• That’s true. You can only really get “stuck” when the game depends on you passing a particular check, like a quest trigger or unlocking the puzzle to the last boss’s room or whatever.

      At the same time, I can still get pretty frustrated when I cannot complete the action I set out to do in the first place, even if I could technically do other things in the meantime.


  2. I kind of feel this way about Telltale Games Walking Dead series. My choices don’t matter all that much, I’ve gone on YouTube to see the alternate outcomes. It’s like I’m watching a movie that makes me click “Next” every few minutes. Though despite this I do enjoy the game.


  3. Funny that you mention that Witcher 2 bridge thing, that one sequence 10 seconds into the game caused me to ragequit the game for a while (I think 6 months or so qualifies as “a while”). I failed at the prologue or whatever it was 5 or 6 times in a row and gave up. I’m not sure what exactly that sequence was supposed to accomplish but at least in my case, it backfired completely. When I did eventually wander back to the game I don’t know if I actually figured out what to do or put the game into the “Ow, Fire Is HOT!” difficulty level or cheated or what but I did eventually get past it… and loved the rest of the game, as I knew I would.


    • I’ve been off and on Witcher 2 for over a year now, primarily because of all the poorly-done MMO-ish quests sprinkled in that cause me to head to town, back out, back in, repeat ad infinitum. I could technically just plow through the story, but the whole draw of the game is the story bits, some of which is included in the sidequests.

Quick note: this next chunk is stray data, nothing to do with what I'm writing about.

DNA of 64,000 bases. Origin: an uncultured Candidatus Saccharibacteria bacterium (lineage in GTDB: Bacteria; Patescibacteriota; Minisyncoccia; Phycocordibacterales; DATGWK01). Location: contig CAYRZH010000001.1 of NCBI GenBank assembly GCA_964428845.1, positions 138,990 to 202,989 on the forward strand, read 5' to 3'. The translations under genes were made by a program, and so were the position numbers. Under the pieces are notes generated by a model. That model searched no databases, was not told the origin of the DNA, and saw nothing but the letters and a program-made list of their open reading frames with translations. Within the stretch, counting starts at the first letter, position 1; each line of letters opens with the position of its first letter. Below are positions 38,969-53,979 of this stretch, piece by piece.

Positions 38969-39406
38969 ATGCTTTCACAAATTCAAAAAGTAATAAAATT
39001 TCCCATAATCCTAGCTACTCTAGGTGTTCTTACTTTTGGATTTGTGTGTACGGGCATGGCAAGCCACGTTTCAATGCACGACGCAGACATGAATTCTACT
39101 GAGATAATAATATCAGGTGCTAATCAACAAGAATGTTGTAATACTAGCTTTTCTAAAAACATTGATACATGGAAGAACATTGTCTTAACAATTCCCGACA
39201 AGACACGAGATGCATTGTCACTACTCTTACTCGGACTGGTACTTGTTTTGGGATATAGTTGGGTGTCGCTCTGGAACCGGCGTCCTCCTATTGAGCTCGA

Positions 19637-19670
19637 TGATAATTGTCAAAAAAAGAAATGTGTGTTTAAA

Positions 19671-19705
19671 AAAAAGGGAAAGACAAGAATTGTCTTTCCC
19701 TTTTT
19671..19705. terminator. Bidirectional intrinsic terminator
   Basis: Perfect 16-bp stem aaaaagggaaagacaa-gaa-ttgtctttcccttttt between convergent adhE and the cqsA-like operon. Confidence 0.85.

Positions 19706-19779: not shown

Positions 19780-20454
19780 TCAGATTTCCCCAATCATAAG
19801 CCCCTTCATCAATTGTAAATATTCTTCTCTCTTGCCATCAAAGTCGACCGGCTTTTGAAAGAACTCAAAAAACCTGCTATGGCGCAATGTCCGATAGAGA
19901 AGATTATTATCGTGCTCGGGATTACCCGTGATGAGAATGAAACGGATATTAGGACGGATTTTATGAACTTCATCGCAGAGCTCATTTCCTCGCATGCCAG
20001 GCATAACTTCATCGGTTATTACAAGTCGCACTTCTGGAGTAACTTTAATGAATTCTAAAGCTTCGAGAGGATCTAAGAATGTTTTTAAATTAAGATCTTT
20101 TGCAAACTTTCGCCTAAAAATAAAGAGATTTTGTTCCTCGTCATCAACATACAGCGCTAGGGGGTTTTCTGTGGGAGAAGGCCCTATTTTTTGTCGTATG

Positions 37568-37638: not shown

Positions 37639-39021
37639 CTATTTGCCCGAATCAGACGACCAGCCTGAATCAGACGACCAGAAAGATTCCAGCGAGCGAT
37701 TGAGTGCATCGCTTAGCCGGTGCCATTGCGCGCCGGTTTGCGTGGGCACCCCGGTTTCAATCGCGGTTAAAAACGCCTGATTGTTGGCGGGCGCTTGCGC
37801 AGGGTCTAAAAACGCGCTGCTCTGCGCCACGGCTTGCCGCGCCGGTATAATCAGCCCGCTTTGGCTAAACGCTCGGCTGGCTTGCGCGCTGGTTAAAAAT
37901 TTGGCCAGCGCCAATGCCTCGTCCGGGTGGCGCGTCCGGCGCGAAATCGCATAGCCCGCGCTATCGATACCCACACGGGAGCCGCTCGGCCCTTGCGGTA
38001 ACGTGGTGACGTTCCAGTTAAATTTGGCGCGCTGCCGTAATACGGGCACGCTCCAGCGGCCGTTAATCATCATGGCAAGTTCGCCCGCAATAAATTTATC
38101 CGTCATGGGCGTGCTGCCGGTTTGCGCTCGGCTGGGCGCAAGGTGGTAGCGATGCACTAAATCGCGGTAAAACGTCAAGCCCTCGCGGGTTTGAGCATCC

I’ll have to finish someday though, as it’s eating up 17+ gigs on my computer.


  4. With how many MMOs are out there these days it would be nice if there was a way to cater a bit better to both audiences as I tend to favor wandering and discovery over linear optimized quest clusters. That said, the old school MMO difficulty while questing tended to consist of “look on thottbot” and “pray to god someone else logs on to finish elite quest”.

    That zelda picture is a funny one as it very clearly sums up how I feel like the series has been moving each and every entry to the catalog. What’s interesting is that the last 2 games that I felt have captured the classic zelda feel are shadow of the colossus and dark souls.


    • That is definitely the other side of things, in regards to simply looking up the answer when stuck. My problem with that is that I end up inevitably spoiling part of the game in the process of narrowing down where in the game I’m stuck. Like I’ll see the table of contents and go “Oh, so there’s only two towns left then?”

      I don’t want to give the impression that I had puzzle games or whatever though. I’m fine with being challenged that way as long as I still have “moves” left to try out. It’s just when I encounter a hard stop 20 minutes into a gaming session I scheduled to last 2 hours that it vexes me greatly.